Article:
Nurses and bank officers to see upcoming licensing reform

Nurses and bank officers to see upcoming licensing reform

The Platte Institute’s fight to remove barriers to better job opportunities continues with hearings on the licensing of nurses (LB342) and executive bank officers (LB341). 


The hearing for LB342 will discuss updating the national nursing licensure compact.  This agreement allows Nebraska’s nurses to have one multistate license with the ability to practice in both their home state and other compact states.


The hearing for LB341 will focus on licensing for Executive Bank Officers.  Member banks of the Nebraska Bankers Association have suggested for many years that this license does not serve a meaningful purpose and should be eliminated. 

In this article, let’s look at the banking license. Under current law, any person who directly or indirectly makes loans or investments for a state-chartered financial institution, or who is involved in management functions or substantial employee supervision is required to obtain an Executive Officer’s License.


Nebraska is the only state in the country that has an Executive Officer’s License, and it only applies to state-chartered banks.  National banks operating in Nebraska are not subject to this licensing law because the Department of Banking does not regulate national financial institutions. This means that in many cases, this license is required of one bank branch while another bank branch on the same street or in the same town isn’t required to comply.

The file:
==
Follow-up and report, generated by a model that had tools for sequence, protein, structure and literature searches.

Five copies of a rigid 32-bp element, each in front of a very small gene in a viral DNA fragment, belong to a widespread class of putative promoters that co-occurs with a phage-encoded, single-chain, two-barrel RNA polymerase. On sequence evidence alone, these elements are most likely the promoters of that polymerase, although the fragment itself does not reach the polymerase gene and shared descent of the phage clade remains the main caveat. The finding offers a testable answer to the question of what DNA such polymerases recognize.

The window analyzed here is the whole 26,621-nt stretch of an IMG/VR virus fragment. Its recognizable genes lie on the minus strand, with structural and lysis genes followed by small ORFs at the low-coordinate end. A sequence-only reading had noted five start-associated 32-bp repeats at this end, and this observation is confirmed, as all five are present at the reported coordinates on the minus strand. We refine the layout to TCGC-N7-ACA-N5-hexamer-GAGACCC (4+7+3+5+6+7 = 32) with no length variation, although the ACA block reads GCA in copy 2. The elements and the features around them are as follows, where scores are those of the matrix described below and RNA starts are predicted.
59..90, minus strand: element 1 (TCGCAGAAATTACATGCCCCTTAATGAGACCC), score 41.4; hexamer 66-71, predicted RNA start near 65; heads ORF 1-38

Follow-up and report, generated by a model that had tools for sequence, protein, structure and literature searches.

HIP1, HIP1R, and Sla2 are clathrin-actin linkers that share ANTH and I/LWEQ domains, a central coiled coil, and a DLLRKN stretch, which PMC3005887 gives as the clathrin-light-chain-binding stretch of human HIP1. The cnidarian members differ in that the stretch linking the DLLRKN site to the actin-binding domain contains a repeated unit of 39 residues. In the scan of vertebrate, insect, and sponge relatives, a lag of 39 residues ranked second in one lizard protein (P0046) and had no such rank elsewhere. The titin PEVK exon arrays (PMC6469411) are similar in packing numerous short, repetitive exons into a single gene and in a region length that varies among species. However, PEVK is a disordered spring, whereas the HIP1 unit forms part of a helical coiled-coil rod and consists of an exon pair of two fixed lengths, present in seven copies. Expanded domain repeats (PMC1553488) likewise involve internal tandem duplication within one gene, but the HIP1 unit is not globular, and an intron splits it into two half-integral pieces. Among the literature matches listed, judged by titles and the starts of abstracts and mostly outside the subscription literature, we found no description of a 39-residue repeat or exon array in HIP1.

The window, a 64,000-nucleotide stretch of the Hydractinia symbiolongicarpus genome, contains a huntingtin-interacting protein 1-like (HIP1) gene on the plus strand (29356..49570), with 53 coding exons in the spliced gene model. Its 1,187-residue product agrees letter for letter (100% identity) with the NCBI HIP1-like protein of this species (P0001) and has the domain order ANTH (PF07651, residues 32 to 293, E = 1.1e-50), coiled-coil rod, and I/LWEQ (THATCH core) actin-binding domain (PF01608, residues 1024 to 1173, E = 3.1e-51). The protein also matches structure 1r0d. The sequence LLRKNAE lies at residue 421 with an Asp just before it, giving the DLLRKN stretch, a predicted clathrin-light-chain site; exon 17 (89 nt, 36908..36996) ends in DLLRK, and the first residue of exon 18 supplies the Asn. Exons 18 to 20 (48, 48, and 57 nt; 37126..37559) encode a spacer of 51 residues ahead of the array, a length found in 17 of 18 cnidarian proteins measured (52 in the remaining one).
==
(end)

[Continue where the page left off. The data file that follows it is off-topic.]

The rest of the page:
This legislation would allow a bank to have an opt-out provision so its executive officers could be exempt from the requirement to apply for and obtain a license from the Department of Banking. 


Nebraska is home to 166 state-chartered banks and 24 federally chartered banks (these numbers reflect the banks as a whole organization, not branches).  That does not include the national banks not headquartered in Nebraska, but located in the state, such as Wells Fargo, U.S. Bank, Great Western Bank, or Bank of the West.  The 166 state-chartered banks are operating at a competitive disadvantage because they must comply with more regulations than the other banks located in our state.


Over the past 20 years, very few individuals have been denied the right to obtain this license of have faced infractions.  As a result, state-chartered banks have had to comply with a licensing requirement that far outweighs any benefits derived from its existence.


Occupational licenses are meant to protect the public and keep incompetent individuals from working in roles where they are not properly trained.  In this situation, the executive bank officer’s license is a barrier to entry, and a tax for employing people, but provides no meaningful public safety benefits.

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